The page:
Las Vegas has doubled its school enrollment in the past 10 years. Voters there in 1998 approved a $1 billion bond issue for 88 new schools to keep up with the increase.
But a pressing need for more schools is not the only construction challenge. Some $127 billion is needed nationwide to renovate existing schools, according to the National Center for Education Statistics. President Clinton is urging the Republican-controlled Congress to pass $25 billion in school-modernization bonds and $6.5 billion in school-renovation loans and grants. The GOP leadership, though, has not acted on the request, preferring an approach to federal funding that allows localities to set their own priorities for spending.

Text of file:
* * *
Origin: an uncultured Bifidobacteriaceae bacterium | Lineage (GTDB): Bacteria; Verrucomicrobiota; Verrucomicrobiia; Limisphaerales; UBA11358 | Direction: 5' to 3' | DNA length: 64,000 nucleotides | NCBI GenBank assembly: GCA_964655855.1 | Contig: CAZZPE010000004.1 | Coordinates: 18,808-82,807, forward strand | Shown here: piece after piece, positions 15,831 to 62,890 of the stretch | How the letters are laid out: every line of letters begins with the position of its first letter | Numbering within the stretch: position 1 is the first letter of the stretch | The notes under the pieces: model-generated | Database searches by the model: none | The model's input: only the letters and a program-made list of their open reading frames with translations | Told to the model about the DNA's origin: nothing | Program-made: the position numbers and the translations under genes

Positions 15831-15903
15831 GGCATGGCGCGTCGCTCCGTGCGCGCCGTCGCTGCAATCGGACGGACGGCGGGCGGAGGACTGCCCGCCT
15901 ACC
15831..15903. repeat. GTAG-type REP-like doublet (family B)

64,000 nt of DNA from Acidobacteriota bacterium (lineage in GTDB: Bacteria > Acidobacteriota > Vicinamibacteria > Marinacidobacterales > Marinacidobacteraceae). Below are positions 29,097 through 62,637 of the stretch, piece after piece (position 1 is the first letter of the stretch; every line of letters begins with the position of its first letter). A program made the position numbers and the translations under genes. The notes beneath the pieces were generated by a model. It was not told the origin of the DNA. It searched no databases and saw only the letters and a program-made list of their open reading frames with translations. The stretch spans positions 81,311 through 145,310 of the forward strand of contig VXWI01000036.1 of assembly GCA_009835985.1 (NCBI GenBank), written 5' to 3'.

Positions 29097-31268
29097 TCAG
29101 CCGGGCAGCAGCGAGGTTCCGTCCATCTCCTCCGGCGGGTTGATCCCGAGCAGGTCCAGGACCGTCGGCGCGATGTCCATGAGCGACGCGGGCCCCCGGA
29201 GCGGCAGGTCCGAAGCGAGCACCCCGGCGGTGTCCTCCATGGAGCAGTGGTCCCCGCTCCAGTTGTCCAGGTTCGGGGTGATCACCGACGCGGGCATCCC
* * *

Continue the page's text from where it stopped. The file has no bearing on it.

In addition, US schools must find 2.2 million new teachers to replace baby-boomer educators who will retire over the next 10 years.
The challenge is not acute in all parts of the country. School populations have declined in some rural states, such as Maine, Alabama, and Indiana.
But other states have seen explosive growth, and 13 can expect at least a 15 percent increase in the number of graduates from public high schools in the next decade, according to the US Department of Education. Nevada is witnessing the biggest surge, 65.7 percent, followed by Arizona, 40 percent; Florida, 27 percent; North Carolina, 26 percent; and California and Illinois, 20 percent.
The changing needs of students
The new pressure on public schools stems from more than the enrollment numbers. The new waves of students are expected, in some cases, to need different types of services from their schools. The number of Hispanic children in US public schools, for example, is expected to increase 60 percent over the next 20 years, from 7.9 million to 12.7 million.